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Don’t Fritter, Don’t Waffle, and Definitely Don’t Disappoint

Painted in Waterlogue

I used to joke that if I wanted to change careers, I could become an interior decorator for extremely patient clients. I could look at every towel rack in a three-county area before choosing one. Sometimes I have a problem being decisive.

I love lasagne. But I hardly ever order it in a restaurant, because I’m always disappointed. It never comes out of the kitchen the way I think it ought to. I’m looking for thick, sturdy layers of noodles and fillings and cheese—the important word being sturdy. I expect it to have the structural integrity of a slice of cake, not a messy plate of pasta.

Similarly, I love apple fritters. Or, at least, I love the idea of apple fritters. Chopped apples, held together by a little dough, fried and lightly glazed. On those rare occasions I go to the donut shop, I choose one, thinking, this will be great! And better than just a donut. What do I get? A pile of glaze-covered dough, in which you’d need a geiger counter to find the apples. Or, if I’m lucky, a gloppy spoonful of canned apple pie filling.

I have no problem with a nice glazed donut. I like apple pie (though I’d prefer the filling not come from a can). But that’s not what I’m looking for.

This, however, is.

Apple Decisive
(no waffling, no frittering)

Pre-heat a waffle iron and coat lightly with non-stick spray.
Set a cooling rack over a section of the newspaper you weren’t going to read anyway.

Combine in a large bowl:
2 cups all-purpose flour
1/3 cup sugar

2 teaspoons baking powder
1 teaspoon cinnamon
1/2 teaspoon nutmeg
1/2 teaspoon salt

Combine in a small bowl:
1 cup milk

1 egg, beaten
1 teaspoon vanilla

Make a well in the dry ingredients and stir in the wet, mixing just enough to combine, then fold in
3 cups chopped apples
(That seems like a lot, but apple is the star; pastry is the supporting player.)

Spoon the mixture, which will be thick and chunky, into the waffle iron and bake until golden brown and immensely fragrant. Remove each Decisive to the rack.

Mix in a small bowl:
4 tablespoons confectioners sugar
1-1/2 teaspoons apple cider (a few drops more, as needed)

If you want the glaze to set up, beautiful and shiny, wait ’til the Decisives are cool to apply it. We chose not to wait that long.

It is possible that the lasagne I’ve been getting in restaurants is exactly as it is meant to be, and the stuff I make is the casserole of a Philistine. It is possible that a Fritter is supposed to be a fried lump of dough faintly smelling of apple. I don’t care.

It might take a while for me to pick a towel rack, but when it comes to Sunday breakfast, I’m being decisive.

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Just Enough

Painted in Waterlogue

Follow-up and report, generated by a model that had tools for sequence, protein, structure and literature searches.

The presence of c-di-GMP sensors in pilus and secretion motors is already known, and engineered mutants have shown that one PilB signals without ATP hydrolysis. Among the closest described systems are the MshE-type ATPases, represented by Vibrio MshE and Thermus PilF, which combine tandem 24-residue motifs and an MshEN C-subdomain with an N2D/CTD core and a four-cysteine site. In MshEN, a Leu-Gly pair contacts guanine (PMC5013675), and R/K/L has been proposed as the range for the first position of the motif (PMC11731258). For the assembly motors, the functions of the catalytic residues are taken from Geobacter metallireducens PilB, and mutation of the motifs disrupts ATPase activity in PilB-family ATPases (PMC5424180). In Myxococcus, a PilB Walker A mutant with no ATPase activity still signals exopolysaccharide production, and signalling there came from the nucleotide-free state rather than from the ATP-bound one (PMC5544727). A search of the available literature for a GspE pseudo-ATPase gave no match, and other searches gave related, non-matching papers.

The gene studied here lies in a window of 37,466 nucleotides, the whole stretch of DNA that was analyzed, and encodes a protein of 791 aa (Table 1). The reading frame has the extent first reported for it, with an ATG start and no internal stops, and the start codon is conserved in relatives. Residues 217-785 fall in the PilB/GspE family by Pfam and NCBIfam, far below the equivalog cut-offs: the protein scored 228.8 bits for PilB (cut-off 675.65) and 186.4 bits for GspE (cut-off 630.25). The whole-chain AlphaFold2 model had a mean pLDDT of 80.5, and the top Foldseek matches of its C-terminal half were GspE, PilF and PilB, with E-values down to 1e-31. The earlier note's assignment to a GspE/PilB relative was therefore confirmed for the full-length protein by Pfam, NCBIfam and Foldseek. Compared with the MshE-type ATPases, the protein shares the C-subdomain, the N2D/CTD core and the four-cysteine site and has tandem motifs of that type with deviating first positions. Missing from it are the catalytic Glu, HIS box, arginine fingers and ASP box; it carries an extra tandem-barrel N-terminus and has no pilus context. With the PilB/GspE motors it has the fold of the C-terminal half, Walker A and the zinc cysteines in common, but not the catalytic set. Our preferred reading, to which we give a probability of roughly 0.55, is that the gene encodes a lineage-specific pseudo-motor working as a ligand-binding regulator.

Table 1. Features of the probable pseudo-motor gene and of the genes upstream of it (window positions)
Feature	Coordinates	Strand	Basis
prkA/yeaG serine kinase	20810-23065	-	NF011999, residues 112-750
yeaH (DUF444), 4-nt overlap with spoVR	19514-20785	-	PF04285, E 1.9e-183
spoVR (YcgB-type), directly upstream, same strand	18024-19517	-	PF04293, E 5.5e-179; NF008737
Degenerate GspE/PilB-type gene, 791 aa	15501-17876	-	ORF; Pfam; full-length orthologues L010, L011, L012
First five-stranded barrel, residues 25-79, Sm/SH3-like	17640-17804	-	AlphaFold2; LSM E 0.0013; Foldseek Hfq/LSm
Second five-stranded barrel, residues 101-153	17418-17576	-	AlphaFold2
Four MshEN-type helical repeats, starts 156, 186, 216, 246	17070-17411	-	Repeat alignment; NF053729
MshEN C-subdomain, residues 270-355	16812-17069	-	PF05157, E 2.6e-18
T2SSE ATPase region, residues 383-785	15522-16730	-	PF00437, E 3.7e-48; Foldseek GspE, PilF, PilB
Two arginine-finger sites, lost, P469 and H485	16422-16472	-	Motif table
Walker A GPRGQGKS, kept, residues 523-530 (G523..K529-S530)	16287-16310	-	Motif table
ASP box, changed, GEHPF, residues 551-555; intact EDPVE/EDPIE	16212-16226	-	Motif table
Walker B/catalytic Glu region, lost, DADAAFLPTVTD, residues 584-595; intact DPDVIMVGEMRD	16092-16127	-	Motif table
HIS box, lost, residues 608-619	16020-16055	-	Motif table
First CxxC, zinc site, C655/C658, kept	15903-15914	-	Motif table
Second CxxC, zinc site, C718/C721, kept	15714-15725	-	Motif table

The show I’m music-directing has finally opened. It feels artistically satisfying to those of us on- and backstage, and it’s pleasing the audiences enough that the producers have already announced an extension. I’d like to think our production would please the creators of the show, though it might not: although our rehearsal materials include the “Definitive” score, our budget doesn’t allow for the “definitive” 18-piece orchestra. I’ve got seven players (including myself, not-quite-ideally conducting from the keyboard). Rather than a large theatre orchestra with a strong rhythm section, I have thought of us as a rock band with strings and horns. It’s enough; and thinking of the band this way gives me a way to make a virtue of what some might consider a deficiency.

After nine performances or run-throughs in a week, it was time for dinner at home. I sent her an iMessage as I was getting into the car:

Please set the oven to 400 and take the pizza dough out of the refrigerator (unless you’d rather have something else for dinner).

She replied that she had done—and as for the possibility of something else,

Nope! 🙂

She went back to her chores and I continued driving home, thinking about the pizza-to-be. I knew we had a package of turkey pepperoni and an a open jar of sauce. We’d had some mozzarella, cheese but I wasn’t sure if there were any left; if not, I was confident there’d be some other variety. I didn’t know about vegetables, but was determined not to stop at the market. This week had been exhausting; I didn’t want dinner to be ready at bedtime.  Whatever was there would be fine.

The dough had rested nicely on the counter and rolled out beautifully thin. I slid it onto a cornmeal-dusted pizza peel and spooned on a little sauce–just a little. There were olives and onions and a yellow bell pepper; I thinly sliced just a little of each. There was just enough mozzarella to dot the top of the pie. It slid perfectly smoothly onto the waiting pizza stone. I set the oven timer and made a little salad: romaine lettuce, a few halved grape tomatoes, and a little pickled cauliflower. I added a bit of guacamole to some good bottled salad dressing and whisked it into creamy togetherness.

Painted in Waterlogue

A composition teacher of mine says, “When something is good, you must ask yourself, ‘Should there be more?’” Often, the answer is yes. But not always. I’ve disappointed myself with plenty of soggy-crust pizzas laden with piles of cheese, puddles of of sauce, and piles of toppings. Not this time. A little restraint, and there was a pretty perfect pizza and a simple salad.